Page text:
All that wheezes is not pediatric asthma

All that wheezes is not pediatric asthma
All that wheezes is not pediatric asthma

Asthma causes more school absence than any other chronic childhood illness. The tremendous morbidity associated with this disease greatly affects patients' quality of life.1 Prompt diagnosis and treatment could alleviate symptoms, but testing limitations in children younger than six often force clinicians to make presumptive diagnoses and try various therapies. Recognition of other disorders with similar symptoms can aid in choosing the correct diagnosis and treatment over time.

What else could it be?

Children are not just small adults. The most common — but certainly not the only — cause of wheeze is asthma. Atypical presentation or responses to therapy that are inconsistent with expectations require consideration of other conditions.

Historic features that are inconsistent with asthma include neonatal symptoms, infants who have required mechanical ventilation, wheeze associated with feeding or vomiting, sudden onset of cough or choking, steatorrhea, or stridor. On examination, consider a different diagnosis in children who have failure to thrive, cardiac murmur, clubbing, or stridor. If airflow obstruction is not reversed by use of a bronchodilator or no focal or persistent findings are seen on chest x-ray, reconsider your diagnosis.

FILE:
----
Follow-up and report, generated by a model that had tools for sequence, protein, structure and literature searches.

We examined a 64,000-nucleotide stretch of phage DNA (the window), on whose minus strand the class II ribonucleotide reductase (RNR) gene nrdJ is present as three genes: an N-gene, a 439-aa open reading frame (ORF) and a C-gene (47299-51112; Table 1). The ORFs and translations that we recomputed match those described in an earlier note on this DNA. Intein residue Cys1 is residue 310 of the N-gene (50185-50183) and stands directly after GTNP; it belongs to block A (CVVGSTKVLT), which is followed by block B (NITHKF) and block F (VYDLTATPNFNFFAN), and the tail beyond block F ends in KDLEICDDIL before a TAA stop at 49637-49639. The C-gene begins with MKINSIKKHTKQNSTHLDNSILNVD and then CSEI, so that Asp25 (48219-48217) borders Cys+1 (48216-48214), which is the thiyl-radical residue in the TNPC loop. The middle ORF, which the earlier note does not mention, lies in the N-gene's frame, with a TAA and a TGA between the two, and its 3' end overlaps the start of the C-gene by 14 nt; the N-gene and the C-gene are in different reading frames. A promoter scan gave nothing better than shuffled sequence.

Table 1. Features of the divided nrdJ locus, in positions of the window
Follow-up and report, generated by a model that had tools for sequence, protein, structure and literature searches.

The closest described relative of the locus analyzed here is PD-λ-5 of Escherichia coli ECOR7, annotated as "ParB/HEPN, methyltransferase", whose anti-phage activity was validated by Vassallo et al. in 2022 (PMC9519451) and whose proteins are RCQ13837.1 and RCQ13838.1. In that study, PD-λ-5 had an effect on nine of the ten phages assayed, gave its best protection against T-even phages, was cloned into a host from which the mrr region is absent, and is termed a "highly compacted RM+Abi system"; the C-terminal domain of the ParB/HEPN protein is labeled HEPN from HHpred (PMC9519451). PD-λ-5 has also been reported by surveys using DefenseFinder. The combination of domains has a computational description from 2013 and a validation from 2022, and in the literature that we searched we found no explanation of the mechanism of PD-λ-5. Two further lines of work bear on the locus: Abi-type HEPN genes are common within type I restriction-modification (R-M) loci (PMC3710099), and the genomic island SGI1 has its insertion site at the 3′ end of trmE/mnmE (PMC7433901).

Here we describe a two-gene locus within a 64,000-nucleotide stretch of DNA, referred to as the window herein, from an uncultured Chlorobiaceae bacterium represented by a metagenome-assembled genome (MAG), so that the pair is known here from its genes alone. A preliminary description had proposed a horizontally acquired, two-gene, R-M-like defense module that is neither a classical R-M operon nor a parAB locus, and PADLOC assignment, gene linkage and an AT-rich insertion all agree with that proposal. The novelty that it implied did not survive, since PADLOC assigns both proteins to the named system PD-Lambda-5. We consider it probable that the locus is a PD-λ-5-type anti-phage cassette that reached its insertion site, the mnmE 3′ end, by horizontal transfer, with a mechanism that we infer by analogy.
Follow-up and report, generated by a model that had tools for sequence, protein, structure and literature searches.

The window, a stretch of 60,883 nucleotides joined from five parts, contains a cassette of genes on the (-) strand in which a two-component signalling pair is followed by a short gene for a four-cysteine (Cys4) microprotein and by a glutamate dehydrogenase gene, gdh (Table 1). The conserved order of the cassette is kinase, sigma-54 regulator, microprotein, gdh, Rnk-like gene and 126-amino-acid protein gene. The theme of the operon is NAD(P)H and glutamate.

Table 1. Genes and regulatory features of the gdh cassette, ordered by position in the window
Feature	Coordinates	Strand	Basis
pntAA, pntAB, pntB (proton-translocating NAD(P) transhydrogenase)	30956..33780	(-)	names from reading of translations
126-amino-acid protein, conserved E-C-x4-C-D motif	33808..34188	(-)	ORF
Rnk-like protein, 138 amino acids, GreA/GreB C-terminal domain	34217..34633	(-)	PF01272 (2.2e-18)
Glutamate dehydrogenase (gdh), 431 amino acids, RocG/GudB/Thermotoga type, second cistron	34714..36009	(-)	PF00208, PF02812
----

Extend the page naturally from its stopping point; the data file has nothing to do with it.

Upper- and large-airway disease: Postnasal drip from allergic rhinitis or sinusitis can cause cough that is often confused with the cough due to asthma, especially when the conditions coexist. Oftentimes, the asthma cannot be effectively controlled until the rhinitis is also treated.

Upper-airway obstruction can also cause cough and wheeze. The tip-off here is that the wheeze of upper-airway obstruction usually presents with stridor, or wheeze on inspiration, and, depending on the level of obstruction, may be associated with voice changes. The wheeze of asthma occurs in the expiratory phase of breathing.

Croup is a viral infection that inflames the upper and often the lower airways. This usually causes the characteristic seal-like bark, which may also be accompanied by an expiratory wheeze.

Foreign-body inhalation is not uncommon in small children. It is usually, if you search hard enough in the history, associated with a choking spell at some point. Findings suggestive of foreign-body inhalation are unilateral wheeze and changes of hyperinflation seen on one side only on the chest x-ray.

Vocal-cord dysfunction is particularly challenging, as it often occurs in patients with asthma. Continued irritation of the vocal cords from asthma, rhinitis, and gastroesophageal reflux disease (GERD) can cause paradoxical vocal-cord closure during breathing as well as stridor and cough. But these patients, often younger females, will also have wheeze from asthma, making the cause quite difficult to sort out. Again, voice changes and stridor should alert you to suspect something other than asthma.